Mohler: When Stanley Hauerwas talks about the buyer’s market for religion in America, he’s onto something that evangelicals ought to notice and notice very carefully. And that is in fact that that is indeed an apt metaphor for our society at large, but it also, if we’re not very careful, a dynamic that is experienced by many churches and denominations, not only in the Protestant mainline, where he mentions all those brand-named denominations jockeying to retain their membership and a declining membership base, but it’s also the case that there are many in American evangelicalism who basically think of the gospel as something to be packaged and sold. The problem with that, of course, it that it is the same pattern as that which was the besetting sin of Protestant liberalism. Protestant liberalism sought to accommodate the message of the gospel to the larger and secularizing culture in order that it would be, well, saleable. It would be acceptable. But the Bible and the gospel can’t be reduced to a product and that’s a warning that evangelical Christians had better heed and understand very carefully. Because just as there was that temptation amongst the Protestant liberals and perhaps the jockeying for position among the brand names of mainline Protestantism today, we can be involved in the same kind of strategizing in which we betray the fact that somehow we think the gospel’s a product to be sold as well. And if it’s a product to be sold, then, like any other product that’s successful, it has to meet the demands of the marketplace, and that is the antithesis of evangelism.
In your writings, you also make another very interesting case that has direct reference to mainline Protestantism and perhaps an indirect reference to evangelicalism as well. You argue that Protestant liberalism followed the apologetic strategy of trying to make the Christian faith rational in the aftermath of the Enlightenment. And, yet, as you in conversation with several others have remarked— Alasdair MacIntyre, I’m thinking of here, in particular—that when liberals made the Christian faith rational, they made the Christian faith irrelevant and unnecessary.
Hauerwas: Right. Well, I want to be careful with that word rational because I think nothing is more rational than Christian Orthodoxy. I think the Nicaea account of Trinity is an extraordinary development that is a tradition thinking through its fundamental commitment in a manner that is intellectually compelling. So the rationality that I was criticizing was the kind of rationalizing that presupposed that there was some kind of reason that didn’t reflect a tradition-determined mode of investigation. So I want to say that the problem with the response to the Enlightenment was it accepted the Enlightenment’s account of reason as reasonable, which was a deep mistake.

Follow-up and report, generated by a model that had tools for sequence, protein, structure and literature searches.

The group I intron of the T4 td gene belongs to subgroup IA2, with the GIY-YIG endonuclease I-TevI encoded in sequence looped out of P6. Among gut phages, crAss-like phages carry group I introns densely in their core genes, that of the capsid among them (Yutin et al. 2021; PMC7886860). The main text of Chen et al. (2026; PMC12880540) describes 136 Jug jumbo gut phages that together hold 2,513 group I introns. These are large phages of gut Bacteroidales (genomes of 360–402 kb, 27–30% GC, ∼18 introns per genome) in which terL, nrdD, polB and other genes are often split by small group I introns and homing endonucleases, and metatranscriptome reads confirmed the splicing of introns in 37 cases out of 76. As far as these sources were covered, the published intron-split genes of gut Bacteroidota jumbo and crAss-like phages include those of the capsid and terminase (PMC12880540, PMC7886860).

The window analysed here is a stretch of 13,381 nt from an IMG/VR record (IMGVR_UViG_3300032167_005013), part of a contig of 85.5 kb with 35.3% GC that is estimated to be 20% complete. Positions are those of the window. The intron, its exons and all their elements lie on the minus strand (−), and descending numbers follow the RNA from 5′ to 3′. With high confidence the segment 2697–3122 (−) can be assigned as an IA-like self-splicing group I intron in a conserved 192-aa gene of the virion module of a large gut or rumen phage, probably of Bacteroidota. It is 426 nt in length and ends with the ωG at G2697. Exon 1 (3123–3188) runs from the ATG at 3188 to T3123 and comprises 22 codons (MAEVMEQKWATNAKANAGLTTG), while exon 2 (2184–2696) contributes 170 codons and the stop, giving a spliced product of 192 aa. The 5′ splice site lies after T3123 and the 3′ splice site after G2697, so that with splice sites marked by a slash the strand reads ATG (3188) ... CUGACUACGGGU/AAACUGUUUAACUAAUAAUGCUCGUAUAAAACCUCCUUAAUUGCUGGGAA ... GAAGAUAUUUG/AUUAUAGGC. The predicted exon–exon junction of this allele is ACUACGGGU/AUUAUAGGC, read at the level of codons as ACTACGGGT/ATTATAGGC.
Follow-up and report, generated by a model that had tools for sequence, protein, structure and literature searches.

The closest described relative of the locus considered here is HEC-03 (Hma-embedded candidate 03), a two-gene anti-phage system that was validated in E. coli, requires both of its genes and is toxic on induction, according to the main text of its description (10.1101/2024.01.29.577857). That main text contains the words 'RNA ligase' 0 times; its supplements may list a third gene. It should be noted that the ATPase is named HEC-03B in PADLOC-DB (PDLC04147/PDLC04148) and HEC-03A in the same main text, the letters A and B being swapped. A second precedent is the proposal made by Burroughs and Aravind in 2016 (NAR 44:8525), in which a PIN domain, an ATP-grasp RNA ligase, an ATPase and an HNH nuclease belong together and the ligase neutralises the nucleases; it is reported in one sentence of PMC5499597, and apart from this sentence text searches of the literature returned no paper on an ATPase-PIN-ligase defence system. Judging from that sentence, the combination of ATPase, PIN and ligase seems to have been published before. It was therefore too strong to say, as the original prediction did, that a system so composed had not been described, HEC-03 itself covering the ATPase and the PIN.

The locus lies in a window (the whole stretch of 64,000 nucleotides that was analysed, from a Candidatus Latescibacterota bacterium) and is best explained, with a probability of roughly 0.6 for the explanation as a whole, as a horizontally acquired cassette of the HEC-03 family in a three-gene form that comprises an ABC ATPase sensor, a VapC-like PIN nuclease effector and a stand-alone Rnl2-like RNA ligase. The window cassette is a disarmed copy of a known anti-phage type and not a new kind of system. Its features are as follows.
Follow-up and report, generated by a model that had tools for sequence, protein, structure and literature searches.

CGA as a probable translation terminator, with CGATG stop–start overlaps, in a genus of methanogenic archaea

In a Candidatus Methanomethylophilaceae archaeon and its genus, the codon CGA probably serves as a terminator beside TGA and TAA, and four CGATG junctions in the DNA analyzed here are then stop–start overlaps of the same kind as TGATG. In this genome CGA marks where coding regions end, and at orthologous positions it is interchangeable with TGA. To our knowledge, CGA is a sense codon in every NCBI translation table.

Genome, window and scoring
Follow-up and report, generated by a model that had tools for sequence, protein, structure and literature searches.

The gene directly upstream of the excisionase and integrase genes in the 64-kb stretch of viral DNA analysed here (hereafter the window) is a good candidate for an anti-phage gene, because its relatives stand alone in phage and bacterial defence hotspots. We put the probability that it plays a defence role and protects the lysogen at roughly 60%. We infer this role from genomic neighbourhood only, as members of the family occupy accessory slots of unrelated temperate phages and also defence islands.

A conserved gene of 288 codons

Mohler: Well, I appreciate that clarification because I certainly emphatically agree that there is nothing more rational than Christian Orthodoxy in terms of the right exercise of reason. But the attempt to make Christianity rational in Enlightenment terms with the autonomous reason, I just have to say, I think you make that point very compellingly, and it leads me to wonder sometimes if evangelicals aren’t methodologically sometimes following the same kind of trajectory that the mainline Protestants did, but just a century late. You know, perhaps many evangelicals are arriving at a new form of liberalism just about a century late.
Hauerwas: Well, I think pietism and rationalism went hand-in-hand because each privilege the individual presumed capacity for rationality in and of itself. And so in so far as evangelicalism has reflected that pietistic background, it interestingly enough is the most determinative exemplification of rationalism. I mean, I know evangelicals are not necessary fundamentalists, but I can’t imagine a more rationalistic account of the Christian faith than some forms of how scriptural inspiration is understood. So I think that is exactly right that a good deal of contemporary evangelicalism has a kind of rationalism to it that is reproducing what Lindbeck identified in the nature of doctrine as the experimental expressive form.
Mohler: Well I hope not to be guilty of that, but I speak as one who clearly as an evangelical feels the necessity to defend the faith once for all delivered to the saints and to do so in the contemporary moment and to make very clear that, indeed, Orthodox, biblical Christianity is the most rational worldview imaginable, so in thinking about the challenge on the other side of the Enlightenment where evangelicals, as much as Protestant liberals, we find ourselves. So let me just ask you. Rather than wonder what would Stanley Hauerwas have us to do. Let me just ask you: So what should we do?
Hauerwas: Well I think the first thing we need to do is confess our sin; that we have pridefully tried to make our faith a faith that suits us, and, in particular, underwrite the American experiment as central to the Christian faith. So one of the things I think that we desperately need to do is recover the ecclesiastical center of the Christian faith in a manner that unites us with Christians around the world, in a manner that frees us from the kind of nationalistic presuppositions that have gone hand-in-hand with American Protestantism. That’s called becoming catholic.
Mohler: Well I certainly appreciate the critique. I often, though, in reading your works, come to this question: Okay, so what if we handed everything over to Stanley Hauerwas, what would he do with it? In other words, where would you have us to go?
Hauerwas: Well, let me say one of the things I would have us to go is a much richer, liturgical life than I think is the case in many evangelical and Protestant mainstream churches. I think a recovery of the centrality of Eucharistic celebration and why it is so central is just crucial for the future of the church.
Mohler: Okay, now that really intrigues me. I’m not surprised by that. But in terms of the shape and substance of the congregation, of the church of an ecclesial center, how does one become a Christian? In other words, that’s another question I had in reading your works from beginning to end. There just isn’t much reference to conversion.